Ocean acidification caused by increased levels of carbon dioxide in the atmosphere is potentially a threat to all cuttlefish. Studies have shown that under high pCO2 concentrations, cuttlefishes actually lay down a denser cuttlebone which is likely to negatively affect buoyancy regulation (Gutowska et al. 2010). This species is taken both as bycatch and forms an important fishery over much of its range (Reid et al. 2005). It is associated with coral reefs and therefore will be susceptible to knock on effects of global warming if coral reefs are impacted as predicted.
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Management

Conservation Actions

Conservation Actions
Taxonomic research is required to elucidate the details of this putative species complex. Further research on population trends, distribution, life history traits and harvesting trends will subsequently be required.
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Wikipedia

Sepia latimanus

Sepia latimanus, also known as the broadclub cuttlefish, is widely distributed from the Andaman Sea, east to Fiji, and south to northern Australia. It is the most common cuttlefish species on coral reefs, living at a depth of up to 30 m.[1]

The type specimen was collected in New Guinea and is deposited at the Muséum National d'Histoire Naturelle in Paris.[2]

Description[edit source | edit]

The broadclub cuttlefish is the second largest cuttlefish species after Sepia apama, growing to 50 cm in mantle length and 10 kg in weight.[3] Like many cephalopods, the broadclub can be seen displaying a range of colors and textures. Commonly they are light brown or yellowish with white mottled markings. Males are sometimes dark brown, particularly during courtship and mating. The arms have longitudinal white bands that appear as broad white blotches when extended. Some arms have longitudinal brown bands that extend to the head. The dorsal mantle can sometimes be seen with a saddle mark with small white and brown spots. The dorsal mantle also has narrow brown transverse bands, and bold, white, transverse stripes and spots. The eyes are yellow around the ventral margins and the fins are pale with white, transverse stripes extending onto mantle and narrow, white bands along outer margins.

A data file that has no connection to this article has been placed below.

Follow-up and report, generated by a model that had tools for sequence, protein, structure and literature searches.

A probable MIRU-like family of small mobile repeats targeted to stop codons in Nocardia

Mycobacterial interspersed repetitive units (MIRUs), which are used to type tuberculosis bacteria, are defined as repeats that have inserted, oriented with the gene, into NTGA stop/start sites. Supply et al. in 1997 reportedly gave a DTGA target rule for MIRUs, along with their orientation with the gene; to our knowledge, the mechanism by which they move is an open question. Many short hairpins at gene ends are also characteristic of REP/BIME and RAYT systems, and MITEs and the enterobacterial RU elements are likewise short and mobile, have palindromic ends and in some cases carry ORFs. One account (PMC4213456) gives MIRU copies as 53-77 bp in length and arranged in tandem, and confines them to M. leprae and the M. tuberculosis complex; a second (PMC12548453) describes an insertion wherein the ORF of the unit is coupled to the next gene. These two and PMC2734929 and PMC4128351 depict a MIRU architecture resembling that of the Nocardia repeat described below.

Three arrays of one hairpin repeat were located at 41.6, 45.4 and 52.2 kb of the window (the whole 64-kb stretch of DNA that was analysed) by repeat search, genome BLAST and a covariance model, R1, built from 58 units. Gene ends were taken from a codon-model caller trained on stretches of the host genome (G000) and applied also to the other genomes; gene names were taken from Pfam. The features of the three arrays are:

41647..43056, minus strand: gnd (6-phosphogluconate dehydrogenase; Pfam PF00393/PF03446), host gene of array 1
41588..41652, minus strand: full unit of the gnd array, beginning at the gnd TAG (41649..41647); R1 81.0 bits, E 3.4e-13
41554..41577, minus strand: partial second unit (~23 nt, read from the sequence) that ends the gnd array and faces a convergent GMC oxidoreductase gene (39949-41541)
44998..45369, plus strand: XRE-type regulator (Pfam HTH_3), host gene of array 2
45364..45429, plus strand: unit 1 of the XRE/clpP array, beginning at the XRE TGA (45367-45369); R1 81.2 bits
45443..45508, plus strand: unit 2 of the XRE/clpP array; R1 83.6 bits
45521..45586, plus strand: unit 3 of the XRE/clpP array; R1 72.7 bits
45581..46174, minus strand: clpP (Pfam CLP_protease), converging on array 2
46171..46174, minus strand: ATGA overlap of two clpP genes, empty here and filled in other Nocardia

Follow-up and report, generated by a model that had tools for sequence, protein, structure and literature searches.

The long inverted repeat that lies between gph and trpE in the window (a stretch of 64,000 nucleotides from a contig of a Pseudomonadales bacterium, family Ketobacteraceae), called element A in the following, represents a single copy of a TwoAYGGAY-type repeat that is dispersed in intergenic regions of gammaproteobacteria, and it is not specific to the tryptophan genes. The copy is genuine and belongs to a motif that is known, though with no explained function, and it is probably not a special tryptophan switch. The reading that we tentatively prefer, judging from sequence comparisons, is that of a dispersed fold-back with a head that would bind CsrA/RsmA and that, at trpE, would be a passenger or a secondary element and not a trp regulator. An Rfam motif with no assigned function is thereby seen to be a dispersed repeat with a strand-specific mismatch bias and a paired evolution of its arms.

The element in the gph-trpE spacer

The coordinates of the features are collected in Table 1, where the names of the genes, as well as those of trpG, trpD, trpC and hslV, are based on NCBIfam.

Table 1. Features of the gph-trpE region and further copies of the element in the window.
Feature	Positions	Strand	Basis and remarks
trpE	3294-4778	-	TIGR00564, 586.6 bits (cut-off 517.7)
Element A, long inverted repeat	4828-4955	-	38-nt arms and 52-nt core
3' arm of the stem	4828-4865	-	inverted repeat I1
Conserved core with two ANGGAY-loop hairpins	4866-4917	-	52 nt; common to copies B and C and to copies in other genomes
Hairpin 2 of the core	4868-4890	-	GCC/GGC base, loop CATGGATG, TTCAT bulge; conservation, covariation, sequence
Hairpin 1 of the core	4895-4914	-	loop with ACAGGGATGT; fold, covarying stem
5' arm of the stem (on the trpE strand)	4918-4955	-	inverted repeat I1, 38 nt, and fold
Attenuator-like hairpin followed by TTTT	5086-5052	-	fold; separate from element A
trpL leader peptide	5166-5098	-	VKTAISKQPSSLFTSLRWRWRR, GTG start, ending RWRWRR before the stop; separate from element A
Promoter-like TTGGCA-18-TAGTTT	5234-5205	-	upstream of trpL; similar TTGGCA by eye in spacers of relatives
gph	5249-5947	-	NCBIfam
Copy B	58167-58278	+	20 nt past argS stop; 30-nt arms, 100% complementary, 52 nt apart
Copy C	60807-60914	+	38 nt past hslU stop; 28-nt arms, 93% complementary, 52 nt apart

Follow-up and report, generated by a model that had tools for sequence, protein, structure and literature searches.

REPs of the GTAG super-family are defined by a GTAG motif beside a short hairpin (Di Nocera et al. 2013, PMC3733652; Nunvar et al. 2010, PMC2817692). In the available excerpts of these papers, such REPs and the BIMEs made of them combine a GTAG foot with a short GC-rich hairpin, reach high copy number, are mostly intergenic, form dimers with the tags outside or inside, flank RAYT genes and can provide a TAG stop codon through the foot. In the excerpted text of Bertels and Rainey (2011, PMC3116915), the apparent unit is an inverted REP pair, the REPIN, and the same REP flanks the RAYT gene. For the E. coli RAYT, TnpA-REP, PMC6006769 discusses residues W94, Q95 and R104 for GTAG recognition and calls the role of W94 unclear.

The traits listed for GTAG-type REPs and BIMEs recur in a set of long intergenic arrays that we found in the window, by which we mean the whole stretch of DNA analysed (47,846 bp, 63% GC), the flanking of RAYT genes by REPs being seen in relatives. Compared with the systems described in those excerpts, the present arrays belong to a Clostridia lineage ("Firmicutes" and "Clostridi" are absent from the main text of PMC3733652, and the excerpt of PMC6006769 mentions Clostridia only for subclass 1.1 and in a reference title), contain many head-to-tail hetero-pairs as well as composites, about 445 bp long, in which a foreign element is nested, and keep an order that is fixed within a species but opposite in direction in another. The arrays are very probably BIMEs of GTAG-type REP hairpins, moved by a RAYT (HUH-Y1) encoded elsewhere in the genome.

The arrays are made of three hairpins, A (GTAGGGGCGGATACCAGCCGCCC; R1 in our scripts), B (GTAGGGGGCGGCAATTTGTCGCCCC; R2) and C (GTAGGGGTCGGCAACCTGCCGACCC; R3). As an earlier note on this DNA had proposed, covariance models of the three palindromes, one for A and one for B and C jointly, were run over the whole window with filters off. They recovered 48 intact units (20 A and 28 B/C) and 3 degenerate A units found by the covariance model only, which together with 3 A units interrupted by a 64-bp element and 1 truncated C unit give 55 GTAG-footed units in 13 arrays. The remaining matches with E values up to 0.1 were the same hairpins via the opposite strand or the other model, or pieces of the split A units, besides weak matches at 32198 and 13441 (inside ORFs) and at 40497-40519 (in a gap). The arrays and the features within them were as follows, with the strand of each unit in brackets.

It is known to prey on shrimp and prawns of the genus Palaemon.[4] They appear to mesmerize prey with their rhythmic colored bands.

Sepia latimanus colour change. These images were taken only seconds apart.


See also[edit source | edit]

References[edit source | edit]

  1. ^ Norman, M.D. 2000. Cephalopods: A World Guide. ConchBooks.
  2. ^ Current Classification of Recent Cephalopoda
  3. ^ Reid, A., P. Jereb, & C.F.E. Roper 2005. Family Sepiidae. In: P. Jereb & C.F.E. Roper, eds. Cephalopods of the world. An annotated and illustrated catalogue of species known to date. Volume 1. Chambered nautiluses and sepioids (Nautilidae, Sepiidae, Sepiolidae, Sepiadariidae, Idiosepiidae and Spirulidae). FAO Species Catalogue for Fishery Purposes. No. 4, Vol. 1. Rome, FAO. pp. 57–152.
  4. ^ Boletzky S.v. & R.T. Hanlon. 1983. A Review of the Laboratory Maintenance, Rearing and Culture of Cephalopod Molluscs. Memoirs of the National Museum of Victoria: Proceedings of the Workshop on the Biology and Resource Potential of Cephalopods, Melbourne, Australia, 9-13 March, 1981, Roper, Clyde F.E., C.C. Lu &F.G. Hochberg, ed. 44: 147-187.